The semester is almost over and Spain will soon become a memory for me. I find myself, in these last two weeks, looking ahead to what needs to be done this summer and next year and...
Before I get ahead of myself (which has definitely happened before), I've had to keep in mind one of the most immediate feats for when I return to the States--reverse culture shock.
I'm not so unfamiliar with this experience as I have had to undergo this process every time I went from Hawaii to Cali, and also from Belize to the States. But I know that will play a huge part in how I deal with stress and with the upcoming school year. So here are some tips for those who are facing big transitions after time abroad OR for those who are interested in studying abroad.
1. Take your time with adjusting. Don't try to do it all at once because believe me, there will be more to get used to than you realize. You'll have to not only readjust to American culture, but also to your family and friends.
2. Accept that this experience has changed you. I'm not saying that your core personality or root of self has changed, BUT after living in a different culture, possibly speaking a different language, and other experiences abroad, may have had an effect on how you see the world and how you interpret cultural differences. You may even have changed your routines and priorities upon your return. You may get bored or be put off by the fact that the people you left behind (friends and family) have more or less been doing the same things. You may feel upset or frustrated because your loved ones don't fully understand your experiences and new behaviors. THAT'S PERFECTLY NORMAL. It happens to every traveler.
3. Be patient and gracious with yourself and with your loved ones. Tension and stress happens, but these two things make it way easier for yourself and for others.
4. Set super-short term goals! These are for all my people who may struggle with anxiety or depression under deep stress. One. Thing. At. A. Time. I have already set mini daily goals to keep myself sane and centered, and to also build healthier habits. For example, I noticed I would pick at my fingers every time I got stressed, worried, bored, lazy, etc. So I began disciplining myself to stop. Overcoming that daily (2 days in a row so far lol) has actually made me more productive and forces me to rely on the fact that I'm not in control, and that what will happen will happen.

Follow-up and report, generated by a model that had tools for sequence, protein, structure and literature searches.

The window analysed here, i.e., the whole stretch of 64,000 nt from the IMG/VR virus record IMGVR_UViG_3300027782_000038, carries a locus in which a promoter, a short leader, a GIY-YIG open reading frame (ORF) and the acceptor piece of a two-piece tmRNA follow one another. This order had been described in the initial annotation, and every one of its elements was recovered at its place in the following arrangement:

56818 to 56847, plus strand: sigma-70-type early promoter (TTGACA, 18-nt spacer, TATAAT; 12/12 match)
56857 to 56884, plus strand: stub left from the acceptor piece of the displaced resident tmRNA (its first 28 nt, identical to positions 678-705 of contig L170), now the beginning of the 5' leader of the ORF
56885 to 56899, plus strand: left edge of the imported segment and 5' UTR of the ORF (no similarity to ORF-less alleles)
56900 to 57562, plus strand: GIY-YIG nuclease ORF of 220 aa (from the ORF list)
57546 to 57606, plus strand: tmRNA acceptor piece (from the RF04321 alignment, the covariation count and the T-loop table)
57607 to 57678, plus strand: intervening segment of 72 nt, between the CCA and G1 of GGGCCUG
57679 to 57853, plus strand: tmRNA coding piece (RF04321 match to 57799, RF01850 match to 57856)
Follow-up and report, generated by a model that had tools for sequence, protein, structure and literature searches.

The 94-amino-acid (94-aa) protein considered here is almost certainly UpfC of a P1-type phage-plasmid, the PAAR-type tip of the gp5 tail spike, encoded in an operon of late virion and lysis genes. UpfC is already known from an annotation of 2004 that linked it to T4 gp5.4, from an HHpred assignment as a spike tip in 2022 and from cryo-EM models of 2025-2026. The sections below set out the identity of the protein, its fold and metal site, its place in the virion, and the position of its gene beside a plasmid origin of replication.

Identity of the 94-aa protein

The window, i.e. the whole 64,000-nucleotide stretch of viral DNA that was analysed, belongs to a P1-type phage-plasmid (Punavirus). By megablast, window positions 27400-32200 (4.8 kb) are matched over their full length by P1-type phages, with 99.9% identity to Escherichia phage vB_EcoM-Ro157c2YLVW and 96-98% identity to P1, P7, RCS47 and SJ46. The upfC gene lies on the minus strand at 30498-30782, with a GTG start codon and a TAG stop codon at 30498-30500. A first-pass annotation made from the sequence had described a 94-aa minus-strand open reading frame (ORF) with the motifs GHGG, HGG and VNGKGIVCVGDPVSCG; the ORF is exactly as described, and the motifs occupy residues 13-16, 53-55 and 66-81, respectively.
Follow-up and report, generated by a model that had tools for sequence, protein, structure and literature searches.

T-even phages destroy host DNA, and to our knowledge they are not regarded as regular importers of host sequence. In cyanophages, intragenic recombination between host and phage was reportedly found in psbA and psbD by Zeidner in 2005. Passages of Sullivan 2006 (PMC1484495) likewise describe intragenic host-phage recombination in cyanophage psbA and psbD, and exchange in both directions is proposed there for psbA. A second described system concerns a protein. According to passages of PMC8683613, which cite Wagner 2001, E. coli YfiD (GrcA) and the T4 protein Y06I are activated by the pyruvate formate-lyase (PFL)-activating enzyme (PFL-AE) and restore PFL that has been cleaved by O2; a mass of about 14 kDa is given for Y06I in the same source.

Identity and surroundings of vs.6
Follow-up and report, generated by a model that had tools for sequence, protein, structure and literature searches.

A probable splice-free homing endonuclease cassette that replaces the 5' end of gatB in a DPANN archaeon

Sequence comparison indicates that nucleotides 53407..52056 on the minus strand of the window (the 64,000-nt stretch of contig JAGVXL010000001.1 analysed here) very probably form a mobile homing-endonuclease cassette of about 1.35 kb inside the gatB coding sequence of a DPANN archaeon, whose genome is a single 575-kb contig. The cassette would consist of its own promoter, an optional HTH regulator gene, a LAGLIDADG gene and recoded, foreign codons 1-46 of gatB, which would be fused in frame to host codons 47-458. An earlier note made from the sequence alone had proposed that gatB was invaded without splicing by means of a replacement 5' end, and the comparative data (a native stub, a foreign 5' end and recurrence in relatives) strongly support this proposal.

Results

5. PRAY. Lastly, for my Christians out there, you all know we a Savior, Father, and Friend who knows us and cares about us. Don't forget to pray about everything, even the little things. I know for me, looking to God for guidance, strength, assurance, and peace has taken load after load off of my shoulders. Also it keeps me centered on the hope that is Christ, which trumps any sort earthly goal I may be worried about. He works all things together for the good of those who love Him, so pray :)
Friday, May 12, 2017
Tuesday, May 2, 2017
Travelling alone while abroad, I believe is something truly valuable. While group excursions and organized trips with experienced guides are helpful and at times more educational; the time I have spent, exploring a place on my own, has been so enriching. The past few weekends, I have taken it upon myself to travel to Denia, a precious Valencian pueblo, and Madrid, the capital of Spain.
Both required lots of time sitting on a bus, lots of self-awareness, and lots of prayer. It was my first time travelling alone, and I felt that weight much more during my time in the bustling city of Madrid. But even with the weight of being by myself, I also experienced a release—a paradox that I often feel being an introvert when I have those hours alone. Except this time, it has been days of alone time.